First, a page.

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Local, State Officials Promote College Fire Safety in Off-Campus Housing
Promote Best Roommates Evah! Campaign
Framingham, MA - On August 31, 2017, surrounded by college safety, fire and building officials, and fire safety advocates, Lieutenant Governor Karyn Polito declared September Campus Fire Safety Month. “Massachusetts is the home away from home to thousands of college students, and many upper classmen live off-campus, where potential dangers are much more common,” said Lieutenant Governor Polito. “Every student has the right to safe housing and that includes working smoke alarms and two exit points in the event of an emergency.”
State Fire Marshal Peter J. Ostroskey said, “College is the start of a young adult’s journey and death or injury from fire should not cut that journey short. ”While most colleges work to make sure residence halls have fire alarm systems and fire sprinklers where required, officials are most concerned about the safety of off-campus housing where most college students live. Since 2005, 100% of all college-related fire deaths in the US have occurred in off-campus housing. Five college students aged 19-22 have died in off-campus housing fires in Massachusetts over the past decade.
Working Smoke and CO Alarms Required in MA
Fire Chief Joseph Hicks said, “Parents should make sure the place where their adult children live have both working smoke and carbon monoxide alarms, as required by Massachusetts law. Don’t let your child sleep one night unprotected when, for the price of a pizza, you can make sure they have a working alarm.” In Massachusetts, landlords are required to provide working smoke alarms. In most instances, they are also required to provide working carbon monoxide alarms.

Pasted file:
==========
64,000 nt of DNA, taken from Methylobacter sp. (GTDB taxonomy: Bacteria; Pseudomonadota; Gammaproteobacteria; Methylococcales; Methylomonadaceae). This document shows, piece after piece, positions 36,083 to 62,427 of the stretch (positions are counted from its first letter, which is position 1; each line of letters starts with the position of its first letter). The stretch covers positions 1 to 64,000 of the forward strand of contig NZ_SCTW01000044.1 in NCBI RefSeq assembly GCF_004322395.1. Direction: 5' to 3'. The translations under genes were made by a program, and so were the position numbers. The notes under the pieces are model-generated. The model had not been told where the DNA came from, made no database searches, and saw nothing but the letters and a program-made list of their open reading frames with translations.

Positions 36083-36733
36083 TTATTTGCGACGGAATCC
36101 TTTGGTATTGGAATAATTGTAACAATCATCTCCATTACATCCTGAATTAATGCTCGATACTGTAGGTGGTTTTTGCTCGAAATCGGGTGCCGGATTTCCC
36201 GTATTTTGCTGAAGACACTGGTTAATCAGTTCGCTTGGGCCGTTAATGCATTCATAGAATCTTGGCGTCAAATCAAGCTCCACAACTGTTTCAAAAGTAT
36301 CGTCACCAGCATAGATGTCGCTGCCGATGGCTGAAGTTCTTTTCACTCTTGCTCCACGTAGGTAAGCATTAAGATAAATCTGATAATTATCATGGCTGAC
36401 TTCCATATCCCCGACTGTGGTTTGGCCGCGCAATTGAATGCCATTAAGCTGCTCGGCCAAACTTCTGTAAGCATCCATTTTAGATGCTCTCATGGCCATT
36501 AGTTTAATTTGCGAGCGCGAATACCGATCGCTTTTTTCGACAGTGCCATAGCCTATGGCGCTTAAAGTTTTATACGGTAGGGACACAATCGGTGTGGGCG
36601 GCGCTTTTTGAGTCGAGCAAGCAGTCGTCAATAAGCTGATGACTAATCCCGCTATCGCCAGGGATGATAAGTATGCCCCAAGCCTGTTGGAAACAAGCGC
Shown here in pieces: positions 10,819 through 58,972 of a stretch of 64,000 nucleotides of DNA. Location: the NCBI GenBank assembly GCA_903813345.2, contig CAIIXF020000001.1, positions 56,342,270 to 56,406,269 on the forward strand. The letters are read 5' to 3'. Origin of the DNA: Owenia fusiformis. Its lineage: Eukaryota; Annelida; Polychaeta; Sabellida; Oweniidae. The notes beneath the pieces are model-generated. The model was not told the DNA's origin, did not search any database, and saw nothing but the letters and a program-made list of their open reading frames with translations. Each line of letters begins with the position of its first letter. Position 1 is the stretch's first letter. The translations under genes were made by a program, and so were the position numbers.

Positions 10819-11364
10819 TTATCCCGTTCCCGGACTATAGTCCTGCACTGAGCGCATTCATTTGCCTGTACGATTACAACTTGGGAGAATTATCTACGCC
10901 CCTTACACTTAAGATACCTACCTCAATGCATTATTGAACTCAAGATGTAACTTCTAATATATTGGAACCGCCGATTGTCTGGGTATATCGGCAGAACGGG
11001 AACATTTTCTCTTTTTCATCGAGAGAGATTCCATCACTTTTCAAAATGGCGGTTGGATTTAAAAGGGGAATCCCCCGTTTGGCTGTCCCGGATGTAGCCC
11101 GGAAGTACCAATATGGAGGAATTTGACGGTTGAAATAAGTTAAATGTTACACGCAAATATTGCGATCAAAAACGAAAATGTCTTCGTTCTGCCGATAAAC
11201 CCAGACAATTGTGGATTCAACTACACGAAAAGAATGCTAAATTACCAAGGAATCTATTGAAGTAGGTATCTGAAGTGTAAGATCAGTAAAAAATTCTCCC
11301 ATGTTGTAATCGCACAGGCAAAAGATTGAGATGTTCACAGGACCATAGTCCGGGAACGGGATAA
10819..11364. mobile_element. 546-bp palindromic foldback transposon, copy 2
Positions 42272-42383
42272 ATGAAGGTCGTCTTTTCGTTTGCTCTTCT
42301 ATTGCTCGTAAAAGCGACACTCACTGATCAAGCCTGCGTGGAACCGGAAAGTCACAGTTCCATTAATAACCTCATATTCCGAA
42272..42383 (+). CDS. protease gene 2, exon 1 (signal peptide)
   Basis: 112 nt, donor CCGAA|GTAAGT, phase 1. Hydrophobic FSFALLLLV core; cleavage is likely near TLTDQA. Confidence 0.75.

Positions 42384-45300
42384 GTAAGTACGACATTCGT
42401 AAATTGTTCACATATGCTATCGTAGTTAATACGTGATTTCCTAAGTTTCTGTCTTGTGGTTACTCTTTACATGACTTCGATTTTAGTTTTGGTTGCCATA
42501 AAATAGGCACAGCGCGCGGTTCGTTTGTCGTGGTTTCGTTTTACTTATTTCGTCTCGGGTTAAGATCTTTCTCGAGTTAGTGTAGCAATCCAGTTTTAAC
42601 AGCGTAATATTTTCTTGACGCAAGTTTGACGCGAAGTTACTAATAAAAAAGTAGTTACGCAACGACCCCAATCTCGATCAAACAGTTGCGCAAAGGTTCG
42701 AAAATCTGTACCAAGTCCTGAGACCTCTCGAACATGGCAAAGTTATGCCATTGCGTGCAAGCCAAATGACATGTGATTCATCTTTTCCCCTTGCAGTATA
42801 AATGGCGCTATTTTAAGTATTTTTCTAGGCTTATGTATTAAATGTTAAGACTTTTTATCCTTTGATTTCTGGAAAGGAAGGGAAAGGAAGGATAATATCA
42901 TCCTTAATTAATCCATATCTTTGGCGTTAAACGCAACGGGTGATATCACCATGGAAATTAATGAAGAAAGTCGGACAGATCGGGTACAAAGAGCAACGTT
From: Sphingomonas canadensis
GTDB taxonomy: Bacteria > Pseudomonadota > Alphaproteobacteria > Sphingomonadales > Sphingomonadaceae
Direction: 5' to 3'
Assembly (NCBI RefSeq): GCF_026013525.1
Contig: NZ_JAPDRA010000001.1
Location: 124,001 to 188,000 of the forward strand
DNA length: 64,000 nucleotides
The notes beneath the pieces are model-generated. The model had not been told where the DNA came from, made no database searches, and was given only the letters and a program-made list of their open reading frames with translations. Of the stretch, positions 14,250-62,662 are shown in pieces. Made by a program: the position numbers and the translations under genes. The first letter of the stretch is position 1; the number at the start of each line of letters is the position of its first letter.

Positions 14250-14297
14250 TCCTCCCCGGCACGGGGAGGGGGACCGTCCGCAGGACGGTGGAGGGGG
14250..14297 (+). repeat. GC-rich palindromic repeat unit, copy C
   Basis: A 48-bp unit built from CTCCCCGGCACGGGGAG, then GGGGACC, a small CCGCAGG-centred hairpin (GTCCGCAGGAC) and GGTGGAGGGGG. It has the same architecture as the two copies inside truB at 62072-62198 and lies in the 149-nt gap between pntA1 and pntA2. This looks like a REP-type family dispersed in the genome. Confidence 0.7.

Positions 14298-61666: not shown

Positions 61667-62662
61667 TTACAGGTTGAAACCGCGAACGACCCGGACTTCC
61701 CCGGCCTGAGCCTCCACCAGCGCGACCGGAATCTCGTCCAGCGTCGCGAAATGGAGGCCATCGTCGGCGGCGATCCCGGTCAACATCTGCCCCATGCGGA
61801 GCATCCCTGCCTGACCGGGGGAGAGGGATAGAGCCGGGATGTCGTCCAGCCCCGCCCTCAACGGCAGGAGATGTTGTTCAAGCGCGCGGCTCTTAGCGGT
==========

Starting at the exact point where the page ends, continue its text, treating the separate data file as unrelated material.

Take Responsibility for Fire Safety of Everyone in Your Building
Chief Hicks added, “We need the help of both students and parents to make sure smoke and carbon monoxide alarms are still working and exits remain clear, now and throughout the winter. If you’re old enough to live on your own, you’re old enough to take responsibility for the fire safety of yourself and your roommates.” Sometimes smoke and carbon monoxide alarms are working on move-in day, but are later disabled, putting everyone at risk.
Michael Tusino, Building Commissioner, said, “Parents and young adults should feel free to contact the Town of Framingham’s Inspectional Services Department for a home safety visit if they have any concerns about the safety of an apartment they have rented.”
Best Roommates Evah!
A group of fire chiefs, building officials, college safety officials and campus fire safety advocates have been meeting over the summer to share strategies for enforcing fire and building codes in off-campus housing. They have launched a public awareness campaign about the importance of working smoke alarms and two ways out, called Best Roommates Evah! For more information and resources, to www.BestRoommatesEvah.org.
In student residence halls, fraternities, and sororities in the Commonwealth of Massachusetts alone, 2,737 fires have occurred from 2011 to 2015 with five civilian injuries, two fire service injuries, and an estimated $1 million in damages. All the college-related deaths have occurred in off-campus housing such as rented houses and apartments.